How to Detect Diabetes Early Enough To Reverse It

Diabetes is a severe and growing metabolic disorder. It already affects hundreds of thousands of people in Switzerland. A sedentary lifestyle and an excessively rich diet damage the beta cells of the pancreas, promoting the onset of this disease. If detected early enough, its progression could be reversed, but diagnostic tools that allow for early detection are lacking. A team from the University of Geneva (UNIGE) in collaboration with several other scientists, including teams from the HUG, has discovered that a low level of the sugar 1,5-anhydroglucitol in the blood is a sign of a loss in functional beta cells. This molecule, easily identified by a blood test, could be used to identify the development of diabetes in people at risk, before the situation becomes irreversible. These results can be found in the Journal of Clinical Endocrinology & Metabolism.
In Switzerland, almost 500,000 people suffer from diabetes. This serious metabolic disorder is constantly increasing due to the combined effect of a lack of physical activity and an unbalanced diet. If detected early enough at the pre-diabetes stage, progression to an established diabetes can be counteracted by adopting an appropriate lifestyle. Unfortunately, one third of patients already have cardiovascular, renal or neuronal complications at the time of diagnosis, which impacts their life expectancy.

When diabetes starts to develop but no symptoms are yet detectable, part of the beta cells of the pancreas (in green) disappear (right image) compared to a healthy individual (left image). This previously undetectable decrease could be identified by measuring the level of 1,5-anhydroglucitol in the blood

‘‘Identifying the transition from pre-diabetes to diabetes is complex, because the status of the affected cells, which are scattered in very small quantities in the core of an organ located under the liver, the pancreas, is impossible to assess quantitatively by non-invasive investigations. We therefore opted for an alternative strategy: to find a molecule whose levels in the blood would be associated with the functional mass of these beta cells in order to indirectly detect their alteration at the pre-diabetes stage, before the appearance of any symptoms,’’ explains Pierre Maechler, a Professor in the Department of Cell Physiology and Metabolism and in the Diabetes Centre of the UNIGE Faculty of Medicine, who led this work.

Several years ago, scientists embarked on the identification of such a molecule able to detect pre-diabetes. The first step was to analyse thousands of molecules in healthy, pre-diabetic and diabetic mouse models. By combining powerful molecular biology techniques with a machine learning system (artificial intelligence), the research team was able to identify, from among thousands of molecules, the one that best reflects a loss of beta cells at the pre-diabetic stage: namely 1,5-anhydroglucitol, a small sugar, whose decrease in blood would indicate a deficit in beta cells.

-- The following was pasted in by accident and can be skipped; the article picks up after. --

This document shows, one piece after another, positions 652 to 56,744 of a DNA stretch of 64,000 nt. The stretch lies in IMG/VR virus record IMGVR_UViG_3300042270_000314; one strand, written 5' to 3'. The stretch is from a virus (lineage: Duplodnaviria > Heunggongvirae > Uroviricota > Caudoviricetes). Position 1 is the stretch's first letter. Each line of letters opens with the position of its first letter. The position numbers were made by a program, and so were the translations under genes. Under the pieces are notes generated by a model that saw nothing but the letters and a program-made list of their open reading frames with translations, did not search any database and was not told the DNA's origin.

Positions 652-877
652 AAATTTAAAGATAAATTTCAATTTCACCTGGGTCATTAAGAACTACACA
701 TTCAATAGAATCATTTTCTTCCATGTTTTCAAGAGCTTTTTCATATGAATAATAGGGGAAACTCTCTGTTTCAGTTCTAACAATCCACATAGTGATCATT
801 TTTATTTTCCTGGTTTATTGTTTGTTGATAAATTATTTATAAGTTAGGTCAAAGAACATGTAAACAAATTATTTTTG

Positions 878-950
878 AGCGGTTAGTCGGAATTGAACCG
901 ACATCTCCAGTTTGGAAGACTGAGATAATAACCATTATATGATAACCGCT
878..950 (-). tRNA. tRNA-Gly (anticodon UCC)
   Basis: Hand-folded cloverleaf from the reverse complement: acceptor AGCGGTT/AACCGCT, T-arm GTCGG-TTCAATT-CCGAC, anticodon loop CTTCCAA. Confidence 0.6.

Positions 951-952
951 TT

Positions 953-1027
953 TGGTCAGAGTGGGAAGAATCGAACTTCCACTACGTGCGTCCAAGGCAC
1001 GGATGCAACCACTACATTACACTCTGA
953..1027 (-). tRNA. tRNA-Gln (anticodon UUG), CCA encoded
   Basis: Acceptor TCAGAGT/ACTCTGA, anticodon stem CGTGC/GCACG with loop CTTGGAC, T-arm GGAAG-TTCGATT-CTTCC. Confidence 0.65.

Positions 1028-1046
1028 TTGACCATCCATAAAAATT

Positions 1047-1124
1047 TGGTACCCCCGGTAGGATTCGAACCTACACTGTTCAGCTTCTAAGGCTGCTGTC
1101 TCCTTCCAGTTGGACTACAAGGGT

New Molecule Kills The Flu Virus

Influenza is one of the most widespread viral diseases and constitutes a major public health problem. For some, it means spending a week in bed; for others, it could lead to hospitalization or, in the most severe cases, death. Scientists at the Ecole Polytechnique Fédérale de Lausanne (EPFL)’s Supramolecular Nano-Materials and Interfaces Laboratory (SuNMIL) within the School of Engineering, working in association with the team headed by Caroline Tapparel, a professor at the University of Geneva’s Department of Microbiology and Molecular Medicine, have synthesized a compound that can kill the virus that causes influenza. Their discovery paves the way to effective drug therapies against the seasonal disease.

With the flu virus, the risk of a pandemic is high,” says Francesco Stellacci, the EPFL professor who heads SuNMIL. “Scientists have to update the vaccine every year because the strain mutates, and sometimes the vaccine turns out to be less effective. So it would be good to also have antivirals that could limit the effects of large-scale infection.

“Antiviral drugs already exist, and Tamiflu is the most well-known. But it has one major drawback – it has to be taken within 36 hours of infection or it loses its efficacy completely. And with influenza, symptoms generally start appearing 24 hours after infection. “By the time patients seek medical treatment, it’s often too late for Tamiflu,” explained Stellacci. “In addition, for antivirals to really work, they have to be virucidal – that is, they have to irreversibly inhibit viral infectivity. But today that’s not the case.

The research has been published in Advanced Science.